We can only actually visualize (or otherwise keep track of) a few objects simultaneously. As a result, we often have trouble understanding the magnitude of numbers, even if we could count to them. The problem is in part also due to lack of scale: how much more is seven foos than three foos? What are the units?
The units issue is especially important as someone who lives in a country that has not adopted the Metric system (or something like it). Personally, I think of length in inches-feet-miles, can't understand our liquid measurements at all and use litres instead, and, of course, think about temperature in Farenheit. The latter becomes problematic when talking to those in other countries, since while I know about how big a centimeter is, my reference points for this scale are lacking by comparison.
Our ability to understand numbers is hampered, often intentionally, by their presentation. "Four hundred million" seems larger than "one billion", though it of course is not. Purveyors of misinformation will distort graph axes, magnifying the insignificant. And so on; there are plenty of examples in this vein.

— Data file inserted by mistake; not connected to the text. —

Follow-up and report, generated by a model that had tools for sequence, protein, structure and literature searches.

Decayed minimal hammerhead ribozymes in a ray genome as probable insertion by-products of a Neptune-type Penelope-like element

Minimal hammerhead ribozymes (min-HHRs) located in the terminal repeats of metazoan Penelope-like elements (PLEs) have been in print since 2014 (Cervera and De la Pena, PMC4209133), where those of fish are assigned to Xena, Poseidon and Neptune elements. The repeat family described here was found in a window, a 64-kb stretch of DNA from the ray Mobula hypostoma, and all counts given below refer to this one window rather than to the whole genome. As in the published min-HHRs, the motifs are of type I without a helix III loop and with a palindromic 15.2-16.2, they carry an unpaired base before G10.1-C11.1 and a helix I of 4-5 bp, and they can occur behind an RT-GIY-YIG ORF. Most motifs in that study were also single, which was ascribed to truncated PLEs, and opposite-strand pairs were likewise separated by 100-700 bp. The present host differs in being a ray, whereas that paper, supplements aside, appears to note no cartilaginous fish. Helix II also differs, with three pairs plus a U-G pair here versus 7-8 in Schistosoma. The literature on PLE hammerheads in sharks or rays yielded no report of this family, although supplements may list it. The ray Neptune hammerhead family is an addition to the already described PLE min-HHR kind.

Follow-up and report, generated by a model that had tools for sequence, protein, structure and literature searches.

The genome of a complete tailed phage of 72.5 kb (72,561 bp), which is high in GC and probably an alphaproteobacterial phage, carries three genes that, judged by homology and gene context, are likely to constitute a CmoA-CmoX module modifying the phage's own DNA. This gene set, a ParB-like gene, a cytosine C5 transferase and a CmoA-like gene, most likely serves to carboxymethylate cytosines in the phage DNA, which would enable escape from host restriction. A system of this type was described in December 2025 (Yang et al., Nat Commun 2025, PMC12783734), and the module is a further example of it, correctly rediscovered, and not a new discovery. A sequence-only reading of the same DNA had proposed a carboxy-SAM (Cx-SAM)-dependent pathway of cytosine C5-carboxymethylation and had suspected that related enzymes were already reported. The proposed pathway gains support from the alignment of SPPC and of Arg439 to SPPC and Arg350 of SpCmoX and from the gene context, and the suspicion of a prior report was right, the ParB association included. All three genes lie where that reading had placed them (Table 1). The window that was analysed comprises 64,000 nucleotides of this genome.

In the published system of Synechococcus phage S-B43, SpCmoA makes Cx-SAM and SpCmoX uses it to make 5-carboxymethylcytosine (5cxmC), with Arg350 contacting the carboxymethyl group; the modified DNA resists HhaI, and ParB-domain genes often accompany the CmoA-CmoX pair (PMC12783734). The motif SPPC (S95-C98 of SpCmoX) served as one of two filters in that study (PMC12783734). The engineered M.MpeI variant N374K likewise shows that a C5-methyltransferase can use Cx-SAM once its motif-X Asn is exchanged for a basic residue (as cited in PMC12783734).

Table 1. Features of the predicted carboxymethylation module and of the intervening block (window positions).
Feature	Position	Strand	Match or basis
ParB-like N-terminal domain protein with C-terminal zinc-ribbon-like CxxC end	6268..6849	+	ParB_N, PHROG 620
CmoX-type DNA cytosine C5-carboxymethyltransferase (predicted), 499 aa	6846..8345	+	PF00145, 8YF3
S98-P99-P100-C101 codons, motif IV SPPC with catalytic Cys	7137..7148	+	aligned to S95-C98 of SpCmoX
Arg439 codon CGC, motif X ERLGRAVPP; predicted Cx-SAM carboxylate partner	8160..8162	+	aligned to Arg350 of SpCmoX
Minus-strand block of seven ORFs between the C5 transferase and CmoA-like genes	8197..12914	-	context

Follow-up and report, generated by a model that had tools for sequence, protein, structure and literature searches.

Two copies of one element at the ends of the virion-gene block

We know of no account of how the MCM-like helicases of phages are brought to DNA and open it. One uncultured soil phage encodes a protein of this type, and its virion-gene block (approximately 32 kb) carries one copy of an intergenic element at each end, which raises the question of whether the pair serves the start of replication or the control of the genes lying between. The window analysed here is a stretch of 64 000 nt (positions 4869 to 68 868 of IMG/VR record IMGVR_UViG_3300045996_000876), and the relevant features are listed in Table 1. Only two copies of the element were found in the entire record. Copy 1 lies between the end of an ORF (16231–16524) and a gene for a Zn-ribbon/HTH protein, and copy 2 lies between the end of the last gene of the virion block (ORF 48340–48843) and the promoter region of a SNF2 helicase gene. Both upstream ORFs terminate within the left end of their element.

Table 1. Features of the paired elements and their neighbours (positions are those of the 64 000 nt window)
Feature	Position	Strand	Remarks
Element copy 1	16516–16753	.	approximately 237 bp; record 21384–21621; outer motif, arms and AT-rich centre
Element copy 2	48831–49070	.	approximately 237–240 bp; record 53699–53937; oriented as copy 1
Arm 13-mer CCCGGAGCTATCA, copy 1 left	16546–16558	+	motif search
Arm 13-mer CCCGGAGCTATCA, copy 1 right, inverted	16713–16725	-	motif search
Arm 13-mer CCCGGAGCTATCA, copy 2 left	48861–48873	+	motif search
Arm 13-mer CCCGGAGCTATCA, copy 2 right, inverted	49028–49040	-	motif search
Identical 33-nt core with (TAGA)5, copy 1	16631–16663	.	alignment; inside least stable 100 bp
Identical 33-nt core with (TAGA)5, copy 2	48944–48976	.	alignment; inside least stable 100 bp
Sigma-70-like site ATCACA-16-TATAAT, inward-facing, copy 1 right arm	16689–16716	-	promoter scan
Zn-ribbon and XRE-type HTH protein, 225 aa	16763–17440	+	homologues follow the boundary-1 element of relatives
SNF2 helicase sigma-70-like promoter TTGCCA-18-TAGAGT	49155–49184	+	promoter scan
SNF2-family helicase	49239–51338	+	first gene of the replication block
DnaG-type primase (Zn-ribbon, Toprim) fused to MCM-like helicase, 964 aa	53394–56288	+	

(Note for any non-US readers: my decimal separator is '.', my thousands separator is ',', and I use short scale, so "one billion" is identical to "one thousand million", not "one million million". My currency is the US Dollar, unless otherwise specified.)
And speaking of which, let me pull some numbers out of the news and try to understand them.
Our first number comes revised and massively increased from its original estimates. The number is 21.6 billion, and it is the cost, in USD, of building a wall around parts of the US border.
This is an enormous number. The only number I have an understanding of anywhere near that size is 7.4 billion - the number of humans we think are alive today. And still, it is almost three times that.
I pair it with a related number: about 800 million (I have used this number before as 795 million). This is the number of people, today, who go hungry or starve while there is enough food to feed them. 800 million is more imposing than 795 million due to our tendency to round down. I have also performed another trick in the wrong direction: to properly compare these values, we need them on the same unit. So, 21,600 million dollars, and 795 million people.